A new initiative to preserve historic Black churches has received a $20 million donation that will help congregations around the U.S.
Lilly Endowment Inc., an organization that supports various religious, education and charitable causes, donated money to the African American Cultural Heritage Action Fund to go toward the Preserving Black Churches Project. Rather than simply updating the structures to keep them standing, the project provides assistance with things including assist management and helping historic churches tell their own stories, according to Brent Leggs, executive director of the fund.
In an interview, Leggs said that Black churches have been instrumental in the African American community through generations of faith and struggles, and preserving them isn’t just a brick-and-mortar issue but one of civil rights and racial justice.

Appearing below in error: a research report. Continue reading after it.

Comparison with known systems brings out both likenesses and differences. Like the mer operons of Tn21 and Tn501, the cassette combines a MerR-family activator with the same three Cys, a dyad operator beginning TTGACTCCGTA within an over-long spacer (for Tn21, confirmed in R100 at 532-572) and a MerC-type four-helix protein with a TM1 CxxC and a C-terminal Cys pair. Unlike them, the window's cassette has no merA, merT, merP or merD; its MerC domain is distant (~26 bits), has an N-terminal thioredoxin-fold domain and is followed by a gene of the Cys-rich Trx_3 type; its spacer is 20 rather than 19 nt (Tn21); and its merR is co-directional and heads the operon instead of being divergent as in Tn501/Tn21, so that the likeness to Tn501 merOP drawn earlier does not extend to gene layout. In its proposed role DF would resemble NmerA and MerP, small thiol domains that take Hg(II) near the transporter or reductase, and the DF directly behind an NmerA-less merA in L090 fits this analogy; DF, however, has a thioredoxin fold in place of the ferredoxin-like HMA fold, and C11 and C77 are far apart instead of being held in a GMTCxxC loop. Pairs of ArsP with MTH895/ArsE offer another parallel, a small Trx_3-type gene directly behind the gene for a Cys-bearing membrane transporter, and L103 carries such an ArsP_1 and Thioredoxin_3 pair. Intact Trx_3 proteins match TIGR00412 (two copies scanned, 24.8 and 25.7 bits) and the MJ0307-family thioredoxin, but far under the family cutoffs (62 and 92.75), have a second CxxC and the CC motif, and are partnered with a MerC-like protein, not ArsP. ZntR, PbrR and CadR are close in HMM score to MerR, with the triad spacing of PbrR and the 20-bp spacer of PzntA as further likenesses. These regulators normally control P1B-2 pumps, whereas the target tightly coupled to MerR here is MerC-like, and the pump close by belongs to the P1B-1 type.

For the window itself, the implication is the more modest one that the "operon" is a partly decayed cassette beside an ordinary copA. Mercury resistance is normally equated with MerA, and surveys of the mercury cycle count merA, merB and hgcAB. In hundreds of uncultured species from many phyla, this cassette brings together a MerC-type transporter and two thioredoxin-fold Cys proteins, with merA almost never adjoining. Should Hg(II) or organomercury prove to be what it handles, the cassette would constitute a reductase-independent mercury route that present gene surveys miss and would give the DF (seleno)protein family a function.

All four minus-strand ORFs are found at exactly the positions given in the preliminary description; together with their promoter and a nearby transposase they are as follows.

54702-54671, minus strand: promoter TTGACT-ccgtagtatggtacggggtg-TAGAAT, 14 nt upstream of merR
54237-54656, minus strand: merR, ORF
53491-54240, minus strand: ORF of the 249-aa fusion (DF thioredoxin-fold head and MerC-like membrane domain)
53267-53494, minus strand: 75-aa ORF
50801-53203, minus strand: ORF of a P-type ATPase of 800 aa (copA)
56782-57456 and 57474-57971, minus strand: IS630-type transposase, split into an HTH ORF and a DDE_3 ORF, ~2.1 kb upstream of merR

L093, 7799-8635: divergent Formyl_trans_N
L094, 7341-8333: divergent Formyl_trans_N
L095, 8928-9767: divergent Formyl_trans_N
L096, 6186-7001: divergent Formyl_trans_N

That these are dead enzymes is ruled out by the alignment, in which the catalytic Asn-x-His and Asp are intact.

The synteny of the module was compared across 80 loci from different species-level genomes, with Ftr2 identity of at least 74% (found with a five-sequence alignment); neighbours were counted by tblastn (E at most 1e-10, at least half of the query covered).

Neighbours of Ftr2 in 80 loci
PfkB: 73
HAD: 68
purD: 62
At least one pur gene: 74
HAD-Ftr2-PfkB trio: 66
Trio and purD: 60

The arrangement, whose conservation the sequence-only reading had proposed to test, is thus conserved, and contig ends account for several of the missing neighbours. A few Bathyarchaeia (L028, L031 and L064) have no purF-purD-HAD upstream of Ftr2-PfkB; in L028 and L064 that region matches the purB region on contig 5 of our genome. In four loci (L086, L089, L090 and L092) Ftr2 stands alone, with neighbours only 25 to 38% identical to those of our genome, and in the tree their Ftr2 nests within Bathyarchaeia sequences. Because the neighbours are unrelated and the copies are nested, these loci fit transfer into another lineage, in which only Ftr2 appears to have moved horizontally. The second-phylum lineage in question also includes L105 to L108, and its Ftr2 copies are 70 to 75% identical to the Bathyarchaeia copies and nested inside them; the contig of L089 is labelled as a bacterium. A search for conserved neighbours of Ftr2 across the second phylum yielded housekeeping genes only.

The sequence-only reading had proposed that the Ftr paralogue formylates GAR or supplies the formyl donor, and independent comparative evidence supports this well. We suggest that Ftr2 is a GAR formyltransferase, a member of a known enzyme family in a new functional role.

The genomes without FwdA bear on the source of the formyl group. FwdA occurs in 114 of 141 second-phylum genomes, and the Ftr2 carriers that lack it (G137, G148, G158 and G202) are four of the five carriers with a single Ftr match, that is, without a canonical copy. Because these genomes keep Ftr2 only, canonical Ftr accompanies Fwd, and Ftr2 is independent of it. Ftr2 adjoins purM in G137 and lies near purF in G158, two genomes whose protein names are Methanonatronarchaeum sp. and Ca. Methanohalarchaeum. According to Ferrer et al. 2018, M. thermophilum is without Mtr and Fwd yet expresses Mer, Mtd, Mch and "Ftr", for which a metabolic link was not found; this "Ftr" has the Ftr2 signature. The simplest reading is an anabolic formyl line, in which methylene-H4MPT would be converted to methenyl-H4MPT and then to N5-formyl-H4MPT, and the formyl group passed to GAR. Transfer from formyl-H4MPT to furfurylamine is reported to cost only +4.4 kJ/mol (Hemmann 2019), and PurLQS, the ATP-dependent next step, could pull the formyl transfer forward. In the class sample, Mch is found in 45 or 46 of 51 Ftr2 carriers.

The initiative was created by the National Trust for Historic Preservation after the “Unite the Right” rlly in Charlottesville, Virginia, in 2017, as a way to “value the link between architecture and racial justice.” The fund has currently raised more than $70 million and has already assessed with more than 200 preservation projects.
“I think it is critically important to acknowledge that the nation may be rich in diverse history but it has often done a poor job in representing that history,” he said. “Historically Black churches deserve the same admiration and stewardship as the National Cathedral in Washington or New York’s Trinity Church.”
The project plans to assist more than 50 Black churches across the U.S. over the next several years, from churches that are completely vacant or set for demolition to ones that are struggling with low funding, declining membership and aging members. Active congregations remain the main priority, but Leggs said that some funding will go to old church buildings that are now home to community centers or treatment programs.
“It still stewards the legacy of the Black church but for a new purpose,” he said.